By Lene Powell, J.D.
The Delaware Court of Chancery dismissed an action alleging that a company director breached his fiduciary duty in a merger, ruling that although the statute of limitations had not expired, the action was barred by laches as a matter of equity. The plaintiff’s decision to wait until after a related action failed in Minnesota before bringing suit in “a rather leisurely fashion” in Delaware was unreasonable and caused the defendants prejudice in defending the suit and pursuing indemnification rights (Houseman v. Sagerman, November 19, 2015, Glasscock, S.).
“It is in light of the foreseeable hardship…caused by Mrs. Houseman’s sleeping on her rights that I find that her 27-month delay in pursuing this action clearly unreasonable,” said Vice Chancellor Glasscock.
Background. In 2006, Nancy Houseman and her husband sold a company to Universata, Inc. for a seven-year stream of payments. Three years later, Universata had trouble making the payments and negotiated a new arrangement in which it converted part of the remaining payments to shares of Universata common stock and appointed Mr. Houseman to the board of directors. In addition, the Housemans entered into an agreement with then-Chairman Thomas Whittington that gave the Housemans a right to force Whittington personally to purchase up to all their Universata shares at a specified price (the Put Contract).
On May 10, 2011, Universata announced it had entered into a preliminary agreement to be acquired by HealthPort Technologies. Universata sent stockholders, including Mrs. Houseman, an information statement describing the stockholders’ right to seek appraisal. The preliminary merger agreement provided that Universata stockholders would receive $1.02 per share in cash and other consideration. In the following weeks, Universata CEO Eric Sagerman urged the Housemans to waive their appraisal rights because he feared that postponing the waiver would jeopardize the merger. Opposed to the merger and believing that it would not close if she did not waive her appraisal rights, Mrs. Houseman did not execute a waiver. The merger agreement was executed a few weeks later and stockholders received $1.02 per share in cash.
After the merger closed, the Housemans refused to tender their shares, instead seeking to “put” their shares to Whittington pursuant to the Put Contract. The Housemans filed suit in Minnesota state court for breach of the Put Contract, but the action was dismissed in February 2012. A year and a half later, they brought suit in Delaware for breach of fiduciary duty and other claims. In April 2014, the Court of Chancery dismissed all counts except one for “quasi-appraisal” against HealthPort and a demand for an accounting by Whittington regarding escrow distributions.
Quasi-appraisal. The court explained that quasi-appraisal is not itself a cause of action but a remedy that, where appropriate, awards stockholders damages based on the going-concern value of their previously owned stock upon a finding of a breach of fiduciary duty, such as the duty to disclose. Mrs. Houseman argued that she was unable to make an informed decision regarding her appraisal rights because the defendants breached their fiduciary duties by failing to give stockholders the final version of the merger agreement, failing to give stockholders the correct version of the appraisal statute, and incorrectly informing the Housemans that the merger would not proceed unless the Housemans waived their statutory appraisal rights. The defendants moved for summary judgment, arguing that even if this were all true, the action should be barred by the equitable doctrine of laches because Mrs. Houseman unjustifiably delayed bringing the action in Delaware.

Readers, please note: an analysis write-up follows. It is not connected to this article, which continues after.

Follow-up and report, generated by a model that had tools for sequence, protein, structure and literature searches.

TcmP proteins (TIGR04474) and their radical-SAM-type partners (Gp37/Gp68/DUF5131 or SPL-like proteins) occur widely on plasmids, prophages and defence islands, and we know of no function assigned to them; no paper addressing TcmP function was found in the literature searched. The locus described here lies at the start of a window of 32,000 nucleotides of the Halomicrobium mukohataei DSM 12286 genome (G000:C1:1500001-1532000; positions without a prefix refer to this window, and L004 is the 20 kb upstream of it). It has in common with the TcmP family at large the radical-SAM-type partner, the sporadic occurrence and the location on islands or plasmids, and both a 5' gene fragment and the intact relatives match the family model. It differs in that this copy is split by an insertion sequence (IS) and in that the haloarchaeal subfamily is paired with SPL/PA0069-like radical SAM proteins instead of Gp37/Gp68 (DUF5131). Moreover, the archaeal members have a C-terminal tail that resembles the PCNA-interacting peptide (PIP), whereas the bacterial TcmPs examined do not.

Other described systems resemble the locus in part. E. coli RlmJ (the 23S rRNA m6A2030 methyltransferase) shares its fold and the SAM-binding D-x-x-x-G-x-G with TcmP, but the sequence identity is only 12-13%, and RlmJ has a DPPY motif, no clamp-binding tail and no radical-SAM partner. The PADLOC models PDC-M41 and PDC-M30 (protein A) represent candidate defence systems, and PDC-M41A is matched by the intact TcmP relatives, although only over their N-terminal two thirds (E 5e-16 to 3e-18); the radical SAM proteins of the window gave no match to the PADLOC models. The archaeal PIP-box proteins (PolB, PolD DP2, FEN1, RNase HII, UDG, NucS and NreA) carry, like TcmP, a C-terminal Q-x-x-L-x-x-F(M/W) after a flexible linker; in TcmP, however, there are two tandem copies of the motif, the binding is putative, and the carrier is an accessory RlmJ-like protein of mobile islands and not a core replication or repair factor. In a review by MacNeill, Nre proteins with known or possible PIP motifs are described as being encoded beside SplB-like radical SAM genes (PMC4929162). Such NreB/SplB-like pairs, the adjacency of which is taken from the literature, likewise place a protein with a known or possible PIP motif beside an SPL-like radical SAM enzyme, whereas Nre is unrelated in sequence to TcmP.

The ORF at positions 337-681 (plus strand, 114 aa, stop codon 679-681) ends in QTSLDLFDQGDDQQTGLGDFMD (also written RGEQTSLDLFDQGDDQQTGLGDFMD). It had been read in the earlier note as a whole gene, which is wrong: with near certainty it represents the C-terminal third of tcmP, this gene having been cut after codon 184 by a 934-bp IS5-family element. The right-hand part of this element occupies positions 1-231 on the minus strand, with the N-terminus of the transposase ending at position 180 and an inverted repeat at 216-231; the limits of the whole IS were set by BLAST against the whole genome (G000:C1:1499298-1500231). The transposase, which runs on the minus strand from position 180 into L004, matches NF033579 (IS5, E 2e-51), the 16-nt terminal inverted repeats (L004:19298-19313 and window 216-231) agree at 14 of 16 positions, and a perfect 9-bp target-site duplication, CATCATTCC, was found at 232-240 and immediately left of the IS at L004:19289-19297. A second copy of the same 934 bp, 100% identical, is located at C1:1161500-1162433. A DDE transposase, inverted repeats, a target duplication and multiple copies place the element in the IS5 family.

Laches. Observing that “equity aids the vigilant, not those who slumber on their rights,” the court ruled that the defendants had met the three-factor test for laches. First, Mrs. Houseman had knowledge of a fiduciary duty claim when the merger closed on June 1, 2011. She knew she had appraisal rights, and after the merger was completed, knew that she had been deceived by Whittington into believing the merger could not be finalized without her waiver of her appraisal rights. Therefore, for purpose of a laches analysis, Mrs. Houseman was aware of her claims no later than June 1, 2011.
Second, Mrs. Houseman unjustifiably delayed bringing the action. She could have pursued a breach-of-duty action in Delaware at the same time she brought the breach-of-contract action in Minnesota, but held off until after she lost in Minnesota. Although the analogous statute of limitations was three years, this did not control a court sitting in equity. The court found unavailing Mrs. Houseman’s reasons for not bringing the two actions simultaneously. Litigation costs were part of the tactical decision but were not relevant for purposes of a laches analysis, and the foreseeable hardship to defendants rendered the 27-month delay unreasonable.
Finally, the delay caused prejudice to the defendants. The defendants lost the ability to use escrow funds to offset their litigation costs and could no longer file a D&O insurance claim, as the insurance had lapsed by the time the complaint was filed. In addition, the defendants no longer had access to the information necessary to defend a position as to the value of the company as a going concern, because valuation becomes progressively harder to do as the valuation date grows more remote.
Partial summary judgment granted. The court granted partial summary judgment to the defendants on the quasi-appraisal claim. The accounting action remained pending.
The case is No. 8897-VCG.